Increases in local ownership of television stations are associated with reductions in the number
of news radio stations in the market and reductions in the amount of local television news
provided in the market. Further interpretation of these results is given in section 4.

3.3. Results: All Ownership Variables, Limited Sample
Table 3 reports model estimation results for the augmented set of ownership variables based on
the second half of the sample. The estimation was limited to the 2007-2009 changes because
TV/Newspaper showed almost no variation in 2005-2007 and because MinorityOwnerTV was not
available for 2005. The preferred estimates are shown in the third column of the table.

Again, the point estimates are virtually unchanged across models. However, this time the
regressions explained about 42% of the variance in the media quality variables, substantially
more than in Table 2. Since the sample size fell by half, this must be because the new ownership
variables added a substantial amount of information. Not only did the overall model fit rise, but
many parameters which were imprecisely estimated in the full sample were precisely estimated
in the restricted sample. These changes in parameter estimates were to be expected, as the
changes in media ownership variables are correlated among themselves, and the 2005-2007
correlations were observed to differ markedly from the 2007-2009 correlations.

Still, it is important to remember that these two sets of estimates have different
interpretations, so they are not directly comparable. The estimates in Table 2 show the effects
based on the full sample, whereas estimates in Table 3 show the effects based on the 2007-2009
data alone.

The results indicate that changes in MinorityOwnerTV are associated with increases in the
hours of local TV news available in a market, but they are not associated with any other effects.
There are no significant correlations between TV/Newspaper and any quality variables, as one
might expect with only five nonzero changes in TV/Newspaper in the sample.

Further, when these two ownership variables are added to the analysis, some of the
qualitative conclusions on previously considered ownership variables change. For example,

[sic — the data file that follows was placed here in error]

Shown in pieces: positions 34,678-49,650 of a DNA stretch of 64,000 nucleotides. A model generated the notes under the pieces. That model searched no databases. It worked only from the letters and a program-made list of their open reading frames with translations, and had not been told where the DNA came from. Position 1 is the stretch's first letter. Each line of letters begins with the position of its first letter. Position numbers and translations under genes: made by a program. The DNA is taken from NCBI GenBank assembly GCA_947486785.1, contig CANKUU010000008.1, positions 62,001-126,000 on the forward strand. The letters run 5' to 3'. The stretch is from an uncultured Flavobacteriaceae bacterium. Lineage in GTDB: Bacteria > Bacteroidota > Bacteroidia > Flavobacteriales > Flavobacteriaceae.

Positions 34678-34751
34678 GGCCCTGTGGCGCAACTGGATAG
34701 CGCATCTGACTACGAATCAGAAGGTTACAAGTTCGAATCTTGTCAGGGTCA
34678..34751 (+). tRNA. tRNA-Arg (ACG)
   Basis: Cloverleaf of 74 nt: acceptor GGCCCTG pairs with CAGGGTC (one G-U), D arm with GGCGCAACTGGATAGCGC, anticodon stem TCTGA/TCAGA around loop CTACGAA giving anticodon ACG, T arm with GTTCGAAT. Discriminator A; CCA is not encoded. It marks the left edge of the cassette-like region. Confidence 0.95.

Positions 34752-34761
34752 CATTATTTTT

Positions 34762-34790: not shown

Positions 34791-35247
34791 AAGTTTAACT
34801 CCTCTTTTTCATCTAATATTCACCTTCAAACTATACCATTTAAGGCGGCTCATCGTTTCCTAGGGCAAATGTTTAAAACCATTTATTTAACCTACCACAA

Table 3 shows that the number of news radio stations in a market is significantly positively
related to TV/radio cross-ownership and negatively related to increases in TV station ownership
concentration; both parameter estimates are insignificant in Table 2. Further, local ownership of

TV stations is not found to have any significant effects, but previously it had two significant

It is striking to note that no parameter estimate is statistically significant in both the full
dataset in Table 2 and the 2007-2009 subsample in Table 3. This suggests a lack of consistent
directional relationships between individual ownership variables and media quality variables.

4. Summary and Conclusions
This paper investigated a panel of local media markets to present evidence on how changes in
media ownership variables are correlated with changes in media quality variables. The general
lesson from this analysis is that there is no clear evidence that changes in local media ownership
produce large changes in media competition or localism. Still, the following results may
contribute to the policy discussion on the FCC's media ownership rules and media ownership
diversity policies.

Newspaper/Broadcast Cross-Ownership Rule

: The point estimates in Table 3 indicate that
newspaper-broadcast cross-ownership is positively associated with radio news
availability and local TV news provision, and negatively associated with newspaper
circulation, average local TV news ratings and aggregate evening TV ratings. However,
there were only a few changes in this variable during the sample, so none of these
directional effects can be distinguished from random noise. The lack of
television/newspaper integration since the Newspaper/Broadcast Cross-Ownership Rule
waiver criteria were loosened in 2007 leads the authors to question the economic basis for
keeping the rule in place, given the influence of newspapers on voter information and
turnout, the recent declines in newspaper revenues and news production expenditures,
and the potential economies of scope available to joint owners of news outlets in multiple

Local TV Multiple Ownership Rule

: Television station ownership concentration was
negatively related to radio news availability and local TV news provision in 2007-2009.
No other evidence is found that television station ownership concentration is associated
with media competition or localism. It is worth noting that the rule in place limited the
amount of television station concentration that could be observed in the data, as no entity
is permitted to control two large stations in a single market. The authors would hesitate to

extrapolate from these results beyond the range of TV station ownership concentration
observed in the data. Significant loosening of the rules may produce fundamentally
different patterns in the data. This is an area in which some experimentation may be an
advisable policy.

Local Radio/TV Cross-Ownership Rule

: Increases in television/radio cross-ownership were
positively associated with radio news availability and average TV news viewership and
negatively associated with local TV news provision in 2007-2009. Radio/TV cross-